how long to integrate newcomers?

Discussion in 'Managing Your Flock' started by dftkarin, Sep 20, 2009.

  1. dftkarin

    dftkarin Chillin' With My Peeps

    Jun 27, 2008
    I have 4 hens that were raised as chicks - now 18 months old and pretty peaceful and friendly. One of these girls went broody in May and hatched a clutch of borrowed eggs and we kept two of those chicks. The chicks are almost full grown-sized now (almost 4 months old) and the adults still viciously peck at them while they are our free ranging together during the day. The two youngersters roost in a tree in my backyard while the adults always roost in the coop. I do have a tractor that I used to protect the chicks when they were younger - and I sometimes let them free range around the yard without the adults - and when there is enough space to get away - there isn't much aggression when they are all out together. Within a few weeks it might be too cold at night for the youngsters to roost out in the tree - but I don;t think that the adults would let them come into the coop. Do I need to build a small 2-bird coop for these youngsters until the adults accept them into the flock?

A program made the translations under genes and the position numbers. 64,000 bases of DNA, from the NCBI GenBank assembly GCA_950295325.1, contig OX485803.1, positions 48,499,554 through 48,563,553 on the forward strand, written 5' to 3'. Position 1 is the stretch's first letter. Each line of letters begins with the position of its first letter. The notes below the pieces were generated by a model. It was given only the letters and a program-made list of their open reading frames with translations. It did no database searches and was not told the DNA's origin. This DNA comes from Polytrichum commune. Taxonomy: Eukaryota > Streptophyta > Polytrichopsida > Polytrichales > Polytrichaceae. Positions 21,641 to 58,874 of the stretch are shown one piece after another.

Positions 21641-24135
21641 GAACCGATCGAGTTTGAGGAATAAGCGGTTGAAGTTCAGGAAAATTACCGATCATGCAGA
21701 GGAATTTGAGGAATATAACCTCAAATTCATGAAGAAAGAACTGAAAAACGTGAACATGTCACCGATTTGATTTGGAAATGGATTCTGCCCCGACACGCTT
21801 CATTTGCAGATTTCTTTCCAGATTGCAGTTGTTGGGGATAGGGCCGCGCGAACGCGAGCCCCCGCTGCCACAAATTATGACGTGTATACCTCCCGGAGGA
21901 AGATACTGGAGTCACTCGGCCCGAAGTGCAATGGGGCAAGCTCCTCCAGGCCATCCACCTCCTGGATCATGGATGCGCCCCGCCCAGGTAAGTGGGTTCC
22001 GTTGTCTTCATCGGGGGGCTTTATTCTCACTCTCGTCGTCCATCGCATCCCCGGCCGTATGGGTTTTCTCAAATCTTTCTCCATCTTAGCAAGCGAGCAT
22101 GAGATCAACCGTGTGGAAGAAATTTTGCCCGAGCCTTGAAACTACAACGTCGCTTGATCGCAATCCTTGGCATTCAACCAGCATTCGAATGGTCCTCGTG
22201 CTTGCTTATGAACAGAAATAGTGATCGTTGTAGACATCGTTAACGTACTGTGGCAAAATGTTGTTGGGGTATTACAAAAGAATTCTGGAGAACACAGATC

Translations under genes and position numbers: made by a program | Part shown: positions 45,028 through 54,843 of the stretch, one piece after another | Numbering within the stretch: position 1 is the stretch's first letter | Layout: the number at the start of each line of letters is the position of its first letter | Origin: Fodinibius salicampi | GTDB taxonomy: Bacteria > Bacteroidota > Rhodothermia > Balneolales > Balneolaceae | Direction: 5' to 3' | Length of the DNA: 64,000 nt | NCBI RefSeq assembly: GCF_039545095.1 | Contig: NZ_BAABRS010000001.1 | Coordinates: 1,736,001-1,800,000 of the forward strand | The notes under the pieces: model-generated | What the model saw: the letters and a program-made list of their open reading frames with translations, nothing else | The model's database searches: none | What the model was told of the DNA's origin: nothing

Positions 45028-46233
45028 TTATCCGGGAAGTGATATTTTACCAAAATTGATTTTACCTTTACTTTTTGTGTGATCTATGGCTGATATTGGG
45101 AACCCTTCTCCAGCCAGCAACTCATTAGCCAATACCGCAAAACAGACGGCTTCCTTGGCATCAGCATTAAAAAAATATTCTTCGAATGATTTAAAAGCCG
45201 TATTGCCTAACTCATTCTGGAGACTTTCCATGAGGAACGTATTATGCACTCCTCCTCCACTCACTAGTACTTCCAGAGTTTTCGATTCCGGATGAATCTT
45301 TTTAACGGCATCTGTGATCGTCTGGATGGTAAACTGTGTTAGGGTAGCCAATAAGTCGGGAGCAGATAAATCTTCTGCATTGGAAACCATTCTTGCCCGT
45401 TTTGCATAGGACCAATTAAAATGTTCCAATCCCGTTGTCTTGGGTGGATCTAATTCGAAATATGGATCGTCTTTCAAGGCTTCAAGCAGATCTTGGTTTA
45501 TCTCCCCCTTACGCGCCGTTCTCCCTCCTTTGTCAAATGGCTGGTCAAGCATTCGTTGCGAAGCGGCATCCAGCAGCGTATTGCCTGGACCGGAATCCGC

2. Nemo

    Nemo Chillin' With My Peeps

    Jul 22, 2008
    N'rn Wisconsin
    I think if you make a coop for the two, they will never fully integrate... It will always be US in this coop, and THEM in that coop. From what I've read, a flock sees anybody COMING INTO their territory as invaders. So, if one "flock" comes out of their coop, and they see "another flock" coming out of a different coop, they might be classed as invaders.

    About the only thing I can think of is getting up in the middle of the night and moving the pullets into the coop. You might want to leave the door open so they can escape in the morning if need be, or be there before they all wake up. You might have to do it a bunch of nights in a row.

    How big is the coop? You might need to lock them all inside a couple days so the pullets think of it as home. (That's the suggestion for when you move adults to a new home.) If you don't get the pullets used to going into the coop, they won't go in to lay eggs. They'll just make themselves a nest somewhere outside.

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